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"Spare No Resource"

Terrorist profiling is the most efficient, and effective, method of anti-terror policing.

12:00 AM, Oct 19, 2005 • By DAVEED GARTENSTEIN-ROSS
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ALTHOUGH NEW YORK CITY police announced last week that they would scale back the increased security measures that followed the recent terrorism scare, the subway terror alert highlighted two basic facts. The first is that the terrorists would like to strike our mass transit system; the second, is that this system is still highly vulnerable. The most telling comment in the October 6 press conference in which city officials announced their resolve to safeguard the subways came from Mayor Bloomberg: "We will spare no resource; we will spare no expense." While intended as a statement of determination, Bloomberg's words instead accentuated the ineffectiveness of New York's anti-terror policing. New York could spare resources, spare expenses, and make passengers safer if it used terrorist profiling.

The morning after New York increased its subway security, the San Francisco Chronicle published an op-ed by Mike German defending New York's use of purely random bag searches rather than profiling. The op-ed's weaknesses are emblematic of the overall case against profiling.

The argument for profiling is simple and compelling: If our last line of defense is searching bags before riders enter the subway, our searches should target the passengers who are most likely to be terrorists. Only through intelligently targeted searches can we have a reasonable chance of disrupting terrorist plots. This means we should try to figure out how terrorists look and act--and that law enforcement should be trained in taking these factors into account.

Because this case is intuitive and hard to refute (why would we treat, say, U.S. senators the same as Mohamed Atta?), the opponents of profiling seemingly turn to autopilot when arguing against it, throwing out every claim that could possibly support their position with little critical filter. German does this when he argues that completely random bag searches are just as effective as profiling. And his case begins with the creation of a false dichotomy, in which one option is the most awkward kind of profiling done solely on the basis of race, and the other option is random searches.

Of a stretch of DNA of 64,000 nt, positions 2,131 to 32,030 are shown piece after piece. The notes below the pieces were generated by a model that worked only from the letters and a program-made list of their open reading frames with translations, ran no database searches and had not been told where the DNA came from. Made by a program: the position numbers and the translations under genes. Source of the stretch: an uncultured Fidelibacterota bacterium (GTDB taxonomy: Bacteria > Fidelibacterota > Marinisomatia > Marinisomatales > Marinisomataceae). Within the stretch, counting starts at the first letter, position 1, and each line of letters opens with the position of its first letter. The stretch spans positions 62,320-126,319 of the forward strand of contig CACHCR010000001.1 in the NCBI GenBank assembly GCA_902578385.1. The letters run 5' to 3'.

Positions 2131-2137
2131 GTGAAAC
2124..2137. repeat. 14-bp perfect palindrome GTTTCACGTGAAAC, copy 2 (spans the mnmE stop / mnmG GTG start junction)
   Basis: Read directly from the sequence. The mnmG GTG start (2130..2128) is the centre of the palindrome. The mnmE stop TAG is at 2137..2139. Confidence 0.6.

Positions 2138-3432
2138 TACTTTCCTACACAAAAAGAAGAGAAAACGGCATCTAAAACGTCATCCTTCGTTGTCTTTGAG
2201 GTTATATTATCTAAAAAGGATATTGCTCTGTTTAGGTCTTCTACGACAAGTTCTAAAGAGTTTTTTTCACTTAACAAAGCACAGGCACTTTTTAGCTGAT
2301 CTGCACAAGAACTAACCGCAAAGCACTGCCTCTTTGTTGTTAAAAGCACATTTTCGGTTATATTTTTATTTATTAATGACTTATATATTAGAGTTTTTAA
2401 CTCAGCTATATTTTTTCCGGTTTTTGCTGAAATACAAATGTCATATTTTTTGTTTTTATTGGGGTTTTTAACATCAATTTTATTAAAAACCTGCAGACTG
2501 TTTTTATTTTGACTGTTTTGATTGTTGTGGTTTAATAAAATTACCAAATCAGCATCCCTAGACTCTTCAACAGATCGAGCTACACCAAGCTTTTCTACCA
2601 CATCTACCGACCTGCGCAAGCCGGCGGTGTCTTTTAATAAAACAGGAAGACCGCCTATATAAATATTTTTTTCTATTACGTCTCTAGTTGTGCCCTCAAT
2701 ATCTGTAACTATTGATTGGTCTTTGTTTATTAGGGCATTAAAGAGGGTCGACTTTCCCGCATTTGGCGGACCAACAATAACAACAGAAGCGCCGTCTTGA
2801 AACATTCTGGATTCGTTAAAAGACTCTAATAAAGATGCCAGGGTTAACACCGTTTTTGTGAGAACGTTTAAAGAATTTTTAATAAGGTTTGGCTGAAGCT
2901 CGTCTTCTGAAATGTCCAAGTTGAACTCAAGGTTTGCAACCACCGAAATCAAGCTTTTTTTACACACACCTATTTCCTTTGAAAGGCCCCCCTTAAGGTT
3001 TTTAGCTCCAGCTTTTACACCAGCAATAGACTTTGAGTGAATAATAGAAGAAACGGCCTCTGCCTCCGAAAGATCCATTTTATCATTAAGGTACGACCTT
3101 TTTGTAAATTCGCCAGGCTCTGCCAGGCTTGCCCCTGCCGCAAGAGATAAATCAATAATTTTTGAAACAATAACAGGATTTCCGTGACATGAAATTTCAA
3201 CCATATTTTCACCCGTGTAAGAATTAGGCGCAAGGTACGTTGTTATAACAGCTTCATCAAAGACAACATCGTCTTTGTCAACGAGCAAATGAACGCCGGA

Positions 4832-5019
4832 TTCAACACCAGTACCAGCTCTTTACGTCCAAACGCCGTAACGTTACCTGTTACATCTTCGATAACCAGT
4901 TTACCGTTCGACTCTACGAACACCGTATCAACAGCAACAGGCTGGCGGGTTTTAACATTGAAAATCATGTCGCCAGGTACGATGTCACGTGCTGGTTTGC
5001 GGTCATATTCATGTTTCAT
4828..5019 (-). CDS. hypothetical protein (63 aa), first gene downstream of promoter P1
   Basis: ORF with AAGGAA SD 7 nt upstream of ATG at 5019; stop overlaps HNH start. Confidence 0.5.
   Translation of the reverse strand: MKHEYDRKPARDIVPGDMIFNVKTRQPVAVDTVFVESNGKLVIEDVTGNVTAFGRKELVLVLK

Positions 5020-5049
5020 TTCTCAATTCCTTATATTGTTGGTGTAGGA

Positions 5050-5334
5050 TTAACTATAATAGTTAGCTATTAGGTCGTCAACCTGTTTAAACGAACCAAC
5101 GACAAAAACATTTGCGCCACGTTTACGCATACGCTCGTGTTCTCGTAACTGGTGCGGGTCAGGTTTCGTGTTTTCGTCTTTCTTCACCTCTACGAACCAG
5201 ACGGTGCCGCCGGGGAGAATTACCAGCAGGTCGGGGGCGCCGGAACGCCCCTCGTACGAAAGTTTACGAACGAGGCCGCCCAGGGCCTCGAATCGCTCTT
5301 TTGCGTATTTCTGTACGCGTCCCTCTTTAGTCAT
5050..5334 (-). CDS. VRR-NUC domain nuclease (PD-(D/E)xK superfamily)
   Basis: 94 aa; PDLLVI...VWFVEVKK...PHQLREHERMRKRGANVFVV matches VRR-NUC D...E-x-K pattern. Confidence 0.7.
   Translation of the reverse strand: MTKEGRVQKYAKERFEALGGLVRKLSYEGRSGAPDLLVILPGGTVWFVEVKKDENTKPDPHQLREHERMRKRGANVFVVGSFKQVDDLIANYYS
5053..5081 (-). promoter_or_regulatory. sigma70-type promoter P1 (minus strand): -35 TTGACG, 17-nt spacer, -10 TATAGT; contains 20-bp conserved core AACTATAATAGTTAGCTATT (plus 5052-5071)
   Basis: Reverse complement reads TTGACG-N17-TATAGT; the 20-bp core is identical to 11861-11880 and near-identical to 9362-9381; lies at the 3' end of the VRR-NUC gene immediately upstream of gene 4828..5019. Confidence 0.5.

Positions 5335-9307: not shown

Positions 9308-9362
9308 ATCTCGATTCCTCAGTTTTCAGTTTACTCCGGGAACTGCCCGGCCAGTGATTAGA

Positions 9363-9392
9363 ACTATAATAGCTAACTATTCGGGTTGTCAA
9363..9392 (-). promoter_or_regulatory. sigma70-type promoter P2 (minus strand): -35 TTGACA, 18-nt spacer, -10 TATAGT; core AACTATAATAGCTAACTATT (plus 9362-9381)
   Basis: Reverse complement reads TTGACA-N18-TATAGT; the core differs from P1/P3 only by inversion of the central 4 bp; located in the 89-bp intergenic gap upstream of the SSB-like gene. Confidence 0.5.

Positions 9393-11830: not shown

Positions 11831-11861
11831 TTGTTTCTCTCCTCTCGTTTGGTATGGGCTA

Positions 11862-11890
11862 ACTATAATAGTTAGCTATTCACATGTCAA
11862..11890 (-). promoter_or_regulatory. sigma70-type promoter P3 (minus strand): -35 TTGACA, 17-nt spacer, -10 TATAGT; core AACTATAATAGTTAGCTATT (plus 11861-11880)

Thankfully, other choices lie along the spectrum between these two extremes. A truly effective system of terrorist profiling would not look solely at a person's race in determining whether extra scrutiny is justified. Rather, a range of factors--including gender, age, dress, and behavior--can be used to identify the most likely terrorists. Surely there can be no argument against considering these non-racial factors.

While police can make good use of statistics to focus searches on the most likely terrorists, German makes bad use of statistics in an attempt to prove otherwise. He first spends considerable space demonstrating that most Muslims in America are not Arab. While true, this doesn't prove the inefficacy of racial profiling, which is not synonymous with "Arab profiling."

German then argues that racial profiling would "miss Muslims of European descent (2.1 percent) and white American Muslims (1.6 percent) such as Adam Gadahn, who is actively being sought by the FBI for possible connections to terrorist threats against the United States." It's true that al Qaeda has managed to recruit some people who fall outside the general racial profile, but there are two problems with German's argument. First, under an effective profiling system, resources would be concentrated on races that are statistically most likely to be jihadist terrorists, but other races would not be ignored completely. (Indeed, if we learned that al Qaeda had recruited more whites, we'd adjust the applicable profile and search more whites.)

More to the point, the fact that the terrorist profiles won't be perfect doesn't mean that we shouldn't use them. Even if it were true that terrorist profiling results in too few whites being searched, the present system results in a complete misallocation of resources because it draws no distinction between a 12-year-old Japanese schoolkid and a 25-year-old Arab. The fact that terrorist profiling is an imprecise art doesn't mean we should resign ourselves to an approach we know to be ineffective--particularly when the public's safety is at stake.